Sunday, April 30, 2017

The Birth of Coconut Baby

When I was just past the 36 week mark, I saw my doctor for my final prenatal appointment.

Of course, I didn't know at the time that it was going to be the last one!

As has been par for the course in this pregnancy, I had an ultrasound first. Well, technically I had a biophysical profile, since it was followed up with a nonstress test. I wasn't expecting that, but as with so many things this pregnancy, I didn't question the necessity. I was high risk and in my final month, after all; if my doctor thought a nonstress test was needed, then I was just going to go with it. Besides, I'd already spent so many hours on the fetal monitors that twenty more minutes didn't even faze me.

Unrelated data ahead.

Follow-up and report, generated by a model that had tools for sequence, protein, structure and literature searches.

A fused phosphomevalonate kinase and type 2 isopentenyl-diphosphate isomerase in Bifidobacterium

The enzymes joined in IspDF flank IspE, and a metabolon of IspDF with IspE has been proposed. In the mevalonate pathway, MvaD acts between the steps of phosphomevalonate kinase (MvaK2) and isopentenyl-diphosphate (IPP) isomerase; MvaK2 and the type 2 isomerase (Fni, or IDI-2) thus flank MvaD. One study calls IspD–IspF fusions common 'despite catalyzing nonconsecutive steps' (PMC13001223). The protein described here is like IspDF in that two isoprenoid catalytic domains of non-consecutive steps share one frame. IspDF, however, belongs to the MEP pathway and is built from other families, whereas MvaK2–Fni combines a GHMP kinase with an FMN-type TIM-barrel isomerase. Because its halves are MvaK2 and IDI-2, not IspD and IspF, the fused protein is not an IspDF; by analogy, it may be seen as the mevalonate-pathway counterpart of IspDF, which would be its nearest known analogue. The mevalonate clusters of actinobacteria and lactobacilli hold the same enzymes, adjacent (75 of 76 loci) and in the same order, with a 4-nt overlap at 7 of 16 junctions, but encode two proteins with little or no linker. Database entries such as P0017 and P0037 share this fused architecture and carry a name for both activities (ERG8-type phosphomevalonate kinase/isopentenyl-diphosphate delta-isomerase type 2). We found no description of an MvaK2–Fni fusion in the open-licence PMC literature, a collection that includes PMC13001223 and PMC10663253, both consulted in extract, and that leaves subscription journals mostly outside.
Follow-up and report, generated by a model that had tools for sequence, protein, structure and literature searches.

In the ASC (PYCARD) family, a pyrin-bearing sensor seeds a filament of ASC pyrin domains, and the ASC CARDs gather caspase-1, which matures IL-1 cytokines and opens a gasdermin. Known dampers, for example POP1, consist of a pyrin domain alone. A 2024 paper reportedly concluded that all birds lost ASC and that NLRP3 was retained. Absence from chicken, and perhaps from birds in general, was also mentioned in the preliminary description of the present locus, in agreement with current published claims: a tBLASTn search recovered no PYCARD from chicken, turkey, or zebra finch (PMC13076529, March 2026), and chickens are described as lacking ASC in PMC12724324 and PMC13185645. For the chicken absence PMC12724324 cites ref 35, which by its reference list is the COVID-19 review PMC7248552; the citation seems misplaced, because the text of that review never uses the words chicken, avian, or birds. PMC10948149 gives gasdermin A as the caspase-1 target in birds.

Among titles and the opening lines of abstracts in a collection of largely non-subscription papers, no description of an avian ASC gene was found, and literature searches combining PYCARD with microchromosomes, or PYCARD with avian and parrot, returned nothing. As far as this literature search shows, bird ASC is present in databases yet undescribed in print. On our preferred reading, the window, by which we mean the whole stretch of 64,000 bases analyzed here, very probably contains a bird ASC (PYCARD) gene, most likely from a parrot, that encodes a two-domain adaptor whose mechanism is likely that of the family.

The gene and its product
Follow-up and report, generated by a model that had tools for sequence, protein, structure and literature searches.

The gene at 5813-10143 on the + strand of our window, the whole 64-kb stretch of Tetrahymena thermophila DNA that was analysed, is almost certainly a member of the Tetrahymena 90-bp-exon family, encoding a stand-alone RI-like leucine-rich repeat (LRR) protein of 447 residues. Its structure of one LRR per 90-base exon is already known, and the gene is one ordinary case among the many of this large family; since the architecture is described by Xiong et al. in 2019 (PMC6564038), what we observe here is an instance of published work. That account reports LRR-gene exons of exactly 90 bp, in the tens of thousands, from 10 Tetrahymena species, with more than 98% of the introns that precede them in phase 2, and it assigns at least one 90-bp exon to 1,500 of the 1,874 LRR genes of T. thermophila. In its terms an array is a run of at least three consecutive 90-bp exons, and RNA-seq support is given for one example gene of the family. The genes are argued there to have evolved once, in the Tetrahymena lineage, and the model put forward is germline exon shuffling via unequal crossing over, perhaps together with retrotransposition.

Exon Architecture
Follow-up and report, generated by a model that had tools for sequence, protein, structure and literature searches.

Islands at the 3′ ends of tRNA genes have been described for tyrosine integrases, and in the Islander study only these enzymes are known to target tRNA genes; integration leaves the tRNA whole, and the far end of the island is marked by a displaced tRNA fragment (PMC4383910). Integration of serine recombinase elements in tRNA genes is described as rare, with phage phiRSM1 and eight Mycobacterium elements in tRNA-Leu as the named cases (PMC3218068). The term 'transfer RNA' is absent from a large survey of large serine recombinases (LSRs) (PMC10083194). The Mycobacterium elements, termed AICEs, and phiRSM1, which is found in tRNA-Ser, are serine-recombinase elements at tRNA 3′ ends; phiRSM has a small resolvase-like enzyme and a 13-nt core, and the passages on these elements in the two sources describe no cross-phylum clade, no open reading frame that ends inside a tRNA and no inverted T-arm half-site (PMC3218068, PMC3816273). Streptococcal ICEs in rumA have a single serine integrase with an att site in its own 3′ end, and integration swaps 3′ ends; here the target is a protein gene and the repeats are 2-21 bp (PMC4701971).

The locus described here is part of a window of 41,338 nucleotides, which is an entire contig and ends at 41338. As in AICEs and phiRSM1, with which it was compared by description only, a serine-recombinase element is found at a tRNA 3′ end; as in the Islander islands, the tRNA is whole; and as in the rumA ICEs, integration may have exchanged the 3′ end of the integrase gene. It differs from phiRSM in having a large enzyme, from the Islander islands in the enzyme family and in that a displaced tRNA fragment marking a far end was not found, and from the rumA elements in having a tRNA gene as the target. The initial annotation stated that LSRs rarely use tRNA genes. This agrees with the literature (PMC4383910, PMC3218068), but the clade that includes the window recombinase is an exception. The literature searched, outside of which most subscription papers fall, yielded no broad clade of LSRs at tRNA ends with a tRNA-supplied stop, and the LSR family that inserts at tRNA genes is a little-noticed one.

Unfortunately, this particular ultrasound was not reassuring. Despite the fact that it'd been only about two weeks since my baby's last blood transfusion--a big one, and which we were hoping would indeed be the last intrauterine transfusion--baby's MCA reading (the measurement of how fast the blood was flowing in one of the arteries in the brain, which can be an marker for fetal anemia) was showing high. Not dangerously high, but much higher than my doctor wanted to see, especially so soon after a transfusion.

We did the rest of my appointment, and my doctor asked me to come back again on Friday for a follow-up ultrasound. We had already scheduled an induction for a few weeks away, aiming to get baby out around the 38/39 week mark (which is when they estimated another transfusion would be necessary), but my doctor warned me that the high MCA reading meant we'd be moving the induction forward by at least a week. Depending on how the ultrasound looked on Friday, we might need to induce that very day.